The more I see, the less I know.

It worries me when a doctor, a colleague, an acquaintance – or anyone, really – has an answer for everything. In my head, a red flag pops up as to the accuracy of their responses because there's just no way, right?! I mean, when I think about the ratio of what I do know to what I don't know, I'll be the first one to admit that it's staggering. And, though I don't even know this for certain, I would imagine that that ratio is, perhaps, the same for the majority of us.

I do know John Lennon's with me...
In some situations, I admit, it can be hard to say those three little words: I don't know. To our ears it sounds like a weakness or a liability in a world of layoffs and firings and let-gos. But consider this: to the yogi's ears, I don't know rings of wisdom and truth. Why? Because the world is vast – probably more so than you or I realize – and things are simple and complex and in so much abundance, that we could never wrap our arms around all of it or touch it all with our own two hands. Which makes I don't know openness by admission. It's a strength because it shows a willingness to learn something new. To discover a truth. To change a point of view. To learn. To grow. To love. To see something through new eyes. I don't know is spiritual evolution in motion.

So let's say it more often.

Keepin' It Real

From close to day one, many of us are brought up to know that lying to others isn't kosher. What's a little trickier, however, and what gets far less attention, is the importance of being just as upfront and honest with ourselves. 

Why? Because honesty isn't only words. It's not just a spoken art. Honesty is how we think. How we live. How we choose to spend our time and who we spend it with. In totality, it's how we put one foot in front of the other and walk through this world, around this earth.

Just as little white lies creep up into our throats unexpectedly, it's a tall order to be honest all the time. We're programmed to self-protect with dishonesty, to deny things, to remove ourselves from wrongdoing. It's my guess, however, that we're all – you and me – moving through life with some thing (or more than a few things) we're being dishonest with ourselves about.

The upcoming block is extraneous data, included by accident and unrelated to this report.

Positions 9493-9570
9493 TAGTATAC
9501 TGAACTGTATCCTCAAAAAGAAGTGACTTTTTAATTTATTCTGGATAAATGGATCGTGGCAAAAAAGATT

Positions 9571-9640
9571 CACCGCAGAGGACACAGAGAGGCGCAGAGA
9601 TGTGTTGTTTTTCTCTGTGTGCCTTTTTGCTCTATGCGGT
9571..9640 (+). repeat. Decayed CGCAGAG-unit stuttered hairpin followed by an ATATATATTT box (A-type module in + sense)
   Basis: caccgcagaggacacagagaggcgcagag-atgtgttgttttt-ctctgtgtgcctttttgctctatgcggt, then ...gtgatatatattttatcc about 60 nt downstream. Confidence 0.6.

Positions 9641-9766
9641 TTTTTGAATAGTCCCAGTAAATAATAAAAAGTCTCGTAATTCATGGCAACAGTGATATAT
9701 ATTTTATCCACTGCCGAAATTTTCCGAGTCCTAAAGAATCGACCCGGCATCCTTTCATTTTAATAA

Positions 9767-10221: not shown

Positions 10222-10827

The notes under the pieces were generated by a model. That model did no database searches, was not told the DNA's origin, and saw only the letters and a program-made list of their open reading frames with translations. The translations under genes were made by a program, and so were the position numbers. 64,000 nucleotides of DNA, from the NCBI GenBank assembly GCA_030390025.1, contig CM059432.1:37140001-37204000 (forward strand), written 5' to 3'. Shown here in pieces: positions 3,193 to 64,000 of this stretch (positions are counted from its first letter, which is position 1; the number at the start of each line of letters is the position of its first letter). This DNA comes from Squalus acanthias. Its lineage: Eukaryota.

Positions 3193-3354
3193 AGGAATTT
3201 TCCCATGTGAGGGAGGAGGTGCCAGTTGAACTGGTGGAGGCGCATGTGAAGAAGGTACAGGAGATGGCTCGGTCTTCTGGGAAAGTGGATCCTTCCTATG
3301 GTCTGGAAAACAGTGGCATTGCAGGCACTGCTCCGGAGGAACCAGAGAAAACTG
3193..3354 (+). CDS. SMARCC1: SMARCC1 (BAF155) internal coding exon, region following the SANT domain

And since we're all evolving and changing all the time, that's nothing to be ashamed of. But can you, can I, can we change it? Find a truth that's hiding under a cloak or veil? I think it's possible. And I think we'll be better for it.

How Affirmations Can Help You

I used to work with a woman who was bright and smart and well read and funny. So funny. But as time went on, it become obvious that her humor stemmed from not just the things she thought were silly about life or herself, but all of the reasons why she saw herself as less-than. Suddenly, what used to invoke laughter led to me saying hey now – that's not true. 

I don't work with her anymore, but it's my guess she's still the same. After all, we all self-talk, and, for many of us, it's often negative. And not overtly or obviously so, but in a sneaky, sideways, offhand sigh or doubt – or even in the form of wishing something about ourselves was different or better. 

Though it's always good to be humble, why, for some of us, the human mind is so incredibly self-deprecating, I'll never know. If you're constantly down on yourself or wishing away who and how you are, the good news is there's something that can lift you out of the mud – no changing required. Honestly. Because you? My guess is you're fine. Great, even.

What is required are affirmations. Yogis use them in class and many others use them too. At their simplest, affirmations are positive self-talk, repeated to yourself daily or even more often. These words and phrases carry loads power and potential for love, gratitude and destroying negative energy.
Besides their capability for overturning self-deprecation or feelings of worthlessness, affirmations are beautiful because they can be created by or for you. For example, imagine someone says to him/herself:
I have thunder thighs, and I hate them.